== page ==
The Austin church is in a working-class neighborhood with low-income housing. These were hungry, poor, and forgotten people who needed to know someone cared. Sue wanted to provide more than a Sunday-morning breakfast.

So in 2000 she started the Santa Shop.

She and others began collecting change in coffee cans to buy simple gifts. Then our guests would “buy” these presents with tickets they received as they arrived. Early in the program, the congregation passed out flyers near the church, and word spread. One guest even rode a bus from across town. Children also received tickets.

Some guests shop for themselves; some get gifts for others. Volunteers even wrap the gifts.

Santa Shop volunteers work hard to maximize assets. This includes buying gift cards from Goodwill and getting cash and good used items donated from congregation members, friends, and businesses. Going online to solicit gifts also has helped.

The latest Santa Shop featured six tables overflowing with gifts. More than 100 guests left with big smiles and “Merry Christmas” or “God bless you” on their lips. While we attach no strings to participation, it is a bonus when someone comes back for church services. On one occasion, two families returned, and their children even joined in when the bell choir performed.

Pastor Eric Cox says Santa Shop tangibly demonstrates the Enduring Principle of Grace and Generosity. Gifts multiply just as God’s grace multiplies.

Cox recognizes that many in the congregation work hard to put the program together. Neighbors, friends, and community members support it. Perhaps best of all, we share the message of a loving God with people who most need to hear it.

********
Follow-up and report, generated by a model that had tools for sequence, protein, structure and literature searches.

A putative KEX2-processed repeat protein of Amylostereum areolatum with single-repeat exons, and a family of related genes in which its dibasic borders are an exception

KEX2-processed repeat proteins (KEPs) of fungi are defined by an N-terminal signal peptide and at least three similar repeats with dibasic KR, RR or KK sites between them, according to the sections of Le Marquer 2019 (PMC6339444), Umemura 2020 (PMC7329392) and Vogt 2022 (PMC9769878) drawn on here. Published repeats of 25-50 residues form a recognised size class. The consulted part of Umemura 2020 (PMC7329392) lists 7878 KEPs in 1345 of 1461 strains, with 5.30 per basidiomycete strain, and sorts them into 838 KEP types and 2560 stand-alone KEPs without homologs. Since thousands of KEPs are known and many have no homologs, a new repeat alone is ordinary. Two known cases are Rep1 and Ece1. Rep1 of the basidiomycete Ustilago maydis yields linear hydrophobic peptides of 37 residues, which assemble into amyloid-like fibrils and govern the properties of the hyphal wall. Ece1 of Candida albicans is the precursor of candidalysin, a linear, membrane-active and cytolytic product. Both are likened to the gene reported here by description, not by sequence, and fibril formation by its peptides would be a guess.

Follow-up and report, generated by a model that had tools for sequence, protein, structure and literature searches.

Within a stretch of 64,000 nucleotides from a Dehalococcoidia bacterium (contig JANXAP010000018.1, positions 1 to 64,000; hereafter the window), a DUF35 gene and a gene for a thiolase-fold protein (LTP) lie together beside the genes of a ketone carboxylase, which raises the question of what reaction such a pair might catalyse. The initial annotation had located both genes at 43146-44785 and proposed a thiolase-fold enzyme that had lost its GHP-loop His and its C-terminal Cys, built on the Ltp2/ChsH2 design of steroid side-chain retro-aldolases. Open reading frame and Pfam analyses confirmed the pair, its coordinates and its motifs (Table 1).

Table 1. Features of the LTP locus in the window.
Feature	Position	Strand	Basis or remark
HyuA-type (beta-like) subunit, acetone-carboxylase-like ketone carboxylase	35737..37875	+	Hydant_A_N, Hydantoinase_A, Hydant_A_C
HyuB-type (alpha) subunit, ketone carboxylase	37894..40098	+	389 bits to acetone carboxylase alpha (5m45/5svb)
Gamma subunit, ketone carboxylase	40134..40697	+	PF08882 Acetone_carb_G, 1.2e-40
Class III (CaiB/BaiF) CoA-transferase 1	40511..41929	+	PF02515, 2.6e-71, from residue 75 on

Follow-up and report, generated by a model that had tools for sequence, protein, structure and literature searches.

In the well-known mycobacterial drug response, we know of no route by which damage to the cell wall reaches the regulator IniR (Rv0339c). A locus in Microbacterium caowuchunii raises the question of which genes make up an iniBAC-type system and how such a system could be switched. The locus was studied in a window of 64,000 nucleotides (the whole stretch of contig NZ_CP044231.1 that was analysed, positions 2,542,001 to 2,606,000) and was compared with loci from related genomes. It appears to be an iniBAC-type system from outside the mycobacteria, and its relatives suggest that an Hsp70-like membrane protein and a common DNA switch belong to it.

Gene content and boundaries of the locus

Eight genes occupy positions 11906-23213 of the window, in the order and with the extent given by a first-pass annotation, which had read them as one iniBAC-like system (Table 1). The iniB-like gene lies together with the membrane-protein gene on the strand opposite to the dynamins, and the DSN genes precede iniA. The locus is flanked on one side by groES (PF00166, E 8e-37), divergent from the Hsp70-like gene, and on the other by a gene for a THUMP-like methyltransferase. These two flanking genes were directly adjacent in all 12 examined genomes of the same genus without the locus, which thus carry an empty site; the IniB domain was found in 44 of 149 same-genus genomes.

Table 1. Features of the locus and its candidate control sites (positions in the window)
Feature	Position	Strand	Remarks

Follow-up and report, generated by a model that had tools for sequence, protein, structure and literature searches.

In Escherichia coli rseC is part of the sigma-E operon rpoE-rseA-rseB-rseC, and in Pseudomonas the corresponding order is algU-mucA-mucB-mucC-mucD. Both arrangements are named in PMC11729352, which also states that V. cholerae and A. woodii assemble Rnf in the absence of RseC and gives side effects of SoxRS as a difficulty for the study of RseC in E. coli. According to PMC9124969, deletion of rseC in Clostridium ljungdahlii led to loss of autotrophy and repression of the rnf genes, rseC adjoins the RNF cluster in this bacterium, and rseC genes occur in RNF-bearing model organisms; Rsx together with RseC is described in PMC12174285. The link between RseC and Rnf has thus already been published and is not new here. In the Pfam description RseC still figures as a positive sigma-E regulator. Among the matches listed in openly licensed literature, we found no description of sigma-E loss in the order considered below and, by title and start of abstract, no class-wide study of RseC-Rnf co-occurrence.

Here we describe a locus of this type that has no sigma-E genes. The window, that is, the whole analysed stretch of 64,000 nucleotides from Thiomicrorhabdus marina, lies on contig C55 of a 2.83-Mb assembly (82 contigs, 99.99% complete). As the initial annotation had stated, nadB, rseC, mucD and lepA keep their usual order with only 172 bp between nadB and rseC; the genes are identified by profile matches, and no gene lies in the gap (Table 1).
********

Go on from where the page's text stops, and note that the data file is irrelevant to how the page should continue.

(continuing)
If You Feed Them…

29 01 2014

By Jan Quick, Rich Hill, Missouri, USA

Our Rich Hill Congregation had prayed earnestly for ways to share Jesus Christ in our small Missouri community and for people who would join our worship experience.

Each Wednesday, we enjoy a potluck meal, share how God has blessed us, and pray for each other’s needs and concerns.

About seven years ago, the two youth members in our small group each brought a friend to our Wednesday-night activity. The following week the two friends returned, and each of them brought a friend. Our youth attendance began to grow.

With only four or five ladies in our congregation able to bring food to share, it sometimes has been a challenge to meet this ongoing need. But it’s a challenge we joyfully pick up because things have begun to happen in the lives of the young people.

We share Bible stories, sing hymns, and have activities that demonstrate who Jesus is and how he wants to be a friend to each of us.

Some youth, who had never been to church before, began to share concerns. They found we would pray for the parent who had lost a job, a grandmother who was coping with cancer, and other burdens.

Success stories began to come in. “My dad got a job.” “Grandmother is doing better.” They share their lives, and we see Christ shining in their faces.

Now each Wednesday we eagerly wonder what opportunities will come through our doors.

 





Made with Love

27 01 2014

by Sue Dillon, Land O’ Lakes, Florida USA

Made with Love

Made with Love

Our church building sits a block from Angels Unaware, which serves mentally and physically challenged adults.

Even before we moved into our building about 10 years ago, our congregation’s women had helped Angels Unaware in various ways. We adopt them each Christmas, giving each client four to five gifts and supplying larger items for the kitchen and living room. Sometimes we take refreshments and sing for them. Though most don’t speak, they show their joy and love of music by smiling and rocking to the rhythm.

The first time we were there, I noticed the clothing protectors (adult bibs) were dingy and worn out, so I made a dozen from hand towels.